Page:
Ransomware. It is the new digital bogeyman. In the UAE, an industry survey from June 2021 showed the extent to which the country (and by implication, the wider region) has been subjected to ransomware. Some 37% of respondents said they had been victims in the previous two years. A staggering 84% elected to pay the ransom, only for most of them — 90% of those who paid — to suffer from second attacks that often came from the same bad actors.
What is even more concerning is that, particularly over the last year, the industry has seen a rise in RansomOps. While ransomware attacks follow the ‘spray and pray’ model (think WannaCry), RansomOps are more sophisticated, highly targeted APT-style attacks that are often associated with nation states but could also be the modus operandi of bad actors looking to maximize financial impact on a specific target. In May alone, there was the US Colonial Pipeline incident, an attack on Ireland's Ministry of Health, and a DarkSide blitz on German chemical distributor Brenntag in which the company paid out US$4.4 million. More recently, US-based Kaseya's virtual systems administrator (VSA) offering was infected with REvil ransomware via a supply-chain attack in which a routine update infected several managed service providers and potentially thousands of downstream customers.
As CISOs continue to adapt to an escalation in hybrid work, they must contend with multi-network environments and unvetted personal machines, both of which present tempting inroads for ransomware. As you read this, thousands of bad actors are leveraging tried-and-tested strains — or designing the next variants — of ransomware to extort vast sums from unsuspecting targets. They take their time; they get the job done.
Bad actors first assess potentials from a distance, researching their business model and determining how damaging downtime would be to them. From this, the attackers estimate how likely payment might be and calculate the optimal ransom level. The penetration itself can be outsourced or bought in “ready” form on the dark web for as little as US$300. Once inside their target’s perimeter, ransomware-attackers continue their assessment, evaluating applications and data for encryption. And then comes the pain.
In a digital world, total encryption of processes and files means the complete shutdown of business operations for any enterprise hit by such a campaign. Security teams will spring into action immediately but in many cases, they will face an uphill struggle. They must stop the attack in progress while restoring digital operations. That is not easy. Nor is determining the source of the incursion to prevent a repeat occurrence.
And payment of the ransom does not guarantee delivery of the encryption key. In short, ransomware attacks are more of a test of many organizations’ business-continuity strategies than of any other aspect of their threat postures. Without exceedingly sound contingency plans, ransomware victims suffer lengthy downtimes, data losses and financial shocks.
Early detection is the key to damage mitigation. If infected hosts are isolated promptly then threat hunters can get to work killing the processes that foment replication. Ideally, this should be left to automation tools, as human intervention in real time does little to stem the rapidity of ransomware propagation. Platforms that have oversight of the entire network are best placed to make automatic determinations that are effective in preventing damage and loss.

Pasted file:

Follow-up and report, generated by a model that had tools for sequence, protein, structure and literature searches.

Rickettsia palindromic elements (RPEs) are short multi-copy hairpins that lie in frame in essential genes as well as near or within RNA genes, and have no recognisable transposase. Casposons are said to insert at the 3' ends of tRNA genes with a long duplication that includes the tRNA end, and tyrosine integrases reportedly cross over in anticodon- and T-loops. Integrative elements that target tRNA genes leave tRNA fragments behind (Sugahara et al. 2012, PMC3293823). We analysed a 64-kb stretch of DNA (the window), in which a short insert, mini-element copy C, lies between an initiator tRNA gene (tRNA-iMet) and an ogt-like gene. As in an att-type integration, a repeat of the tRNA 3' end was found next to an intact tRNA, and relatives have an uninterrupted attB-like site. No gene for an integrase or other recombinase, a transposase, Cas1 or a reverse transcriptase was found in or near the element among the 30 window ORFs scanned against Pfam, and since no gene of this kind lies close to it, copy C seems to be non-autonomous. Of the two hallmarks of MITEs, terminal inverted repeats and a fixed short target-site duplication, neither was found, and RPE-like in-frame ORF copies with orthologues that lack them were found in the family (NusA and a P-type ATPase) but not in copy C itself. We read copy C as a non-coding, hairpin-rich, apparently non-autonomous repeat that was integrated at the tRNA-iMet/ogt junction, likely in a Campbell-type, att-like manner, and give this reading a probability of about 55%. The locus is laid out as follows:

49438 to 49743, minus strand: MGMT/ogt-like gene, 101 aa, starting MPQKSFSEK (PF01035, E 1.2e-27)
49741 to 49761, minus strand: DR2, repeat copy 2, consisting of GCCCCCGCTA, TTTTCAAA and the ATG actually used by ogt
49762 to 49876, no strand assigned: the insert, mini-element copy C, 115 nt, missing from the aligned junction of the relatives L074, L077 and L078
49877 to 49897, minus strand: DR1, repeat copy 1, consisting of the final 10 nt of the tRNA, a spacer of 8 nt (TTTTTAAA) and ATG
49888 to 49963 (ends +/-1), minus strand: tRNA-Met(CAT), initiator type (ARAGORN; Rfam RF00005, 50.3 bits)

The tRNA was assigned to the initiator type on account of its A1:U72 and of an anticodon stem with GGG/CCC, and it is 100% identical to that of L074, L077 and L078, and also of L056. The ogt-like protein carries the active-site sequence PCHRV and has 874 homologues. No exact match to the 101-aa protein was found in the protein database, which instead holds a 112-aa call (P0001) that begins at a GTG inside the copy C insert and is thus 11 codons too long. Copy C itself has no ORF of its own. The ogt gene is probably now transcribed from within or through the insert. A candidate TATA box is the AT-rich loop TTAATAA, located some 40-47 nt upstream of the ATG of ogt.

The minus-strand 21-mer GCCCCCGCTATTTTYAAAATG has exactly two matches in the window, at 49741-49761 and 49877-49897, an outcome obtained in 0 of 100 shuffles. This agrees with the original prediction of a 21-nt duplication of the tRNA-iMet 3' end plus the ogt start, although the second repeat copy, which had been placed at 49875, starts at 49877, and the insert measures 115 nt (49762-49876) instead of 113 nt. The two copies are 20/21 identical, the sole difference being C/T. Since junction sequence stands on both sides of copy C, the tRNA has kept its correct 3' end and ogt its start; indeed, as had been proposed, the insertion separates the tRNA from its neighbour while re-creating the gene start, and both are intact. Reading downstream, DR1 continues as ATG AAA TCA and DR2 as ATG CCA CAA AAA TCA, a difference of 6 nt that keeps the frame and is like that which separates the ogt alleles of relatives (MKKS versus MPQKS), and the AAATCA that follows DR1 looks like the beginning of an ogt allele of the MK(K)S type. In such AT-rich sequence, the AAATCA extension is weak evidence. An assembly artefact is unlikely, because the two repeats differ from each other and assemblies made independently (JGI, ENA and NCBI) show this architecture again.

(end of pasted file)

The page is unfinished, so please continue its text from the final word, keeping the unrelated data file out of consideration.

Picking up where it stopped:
One key network-wide strategy that is successful in detection of ransomware is to take a bird’s-eye view of behaviors rather than actively searching for known ransomware variants in packet traffic or processes. This strategy is proactive and focuses on uncovering initial reconnaissance and penetration activity by bad actors, rather than waiting for the payload to be dropped.
In addition, robust identity-management policies can help stem the tide if care has been taken to ensure that only a select few have access to the most sensitive areas of the IT infrastructure. Ransomware must make do with the credentials issued to the user or application that allowed it to launch. Furthermore, if tight monitoring of the activity of high-privilege accounts is in place, security teams can act more quickly to head off a ransomware invasion.
These best practices are part of an AI-driven approach to threat detection and response. By taking a high-level, behavioral angle on the ransomware problem, we leave behind the too-little-too-late tactic of searching for the ransomware itself. Tools that deliver this approach engage in deep analysis of network traffic and have the ability to track attacker activity pivoting between on-premise, data center, IaaS and SaaS environments. Machine-learning models are already supplementing the expertise of security teams and delivering strong results. Only models like these have the scale and power to accept high volumes of telemetry and compare it with oceans of historic data in real time to identify risky activity.
These behavioral-based threat detection platforms are dedicated to detection and response within cloud, datacenter, IoT, and enterprise networks. Early detection, the elimination of false positives and the reduction of alert fatigue are key features of the technology, as is the validation of key industry standards—like MITRE D3FEND—which helps to build confidence among an organization’s customers.
Ransomware is extremely profitable to cybercriminals and is unlikely to disappear from the threat landscape any time soon. Quick and accurate detection — which currently only come with AI-based threat detection & response approaches—are the best allies regional business stakeholders can have in this fight.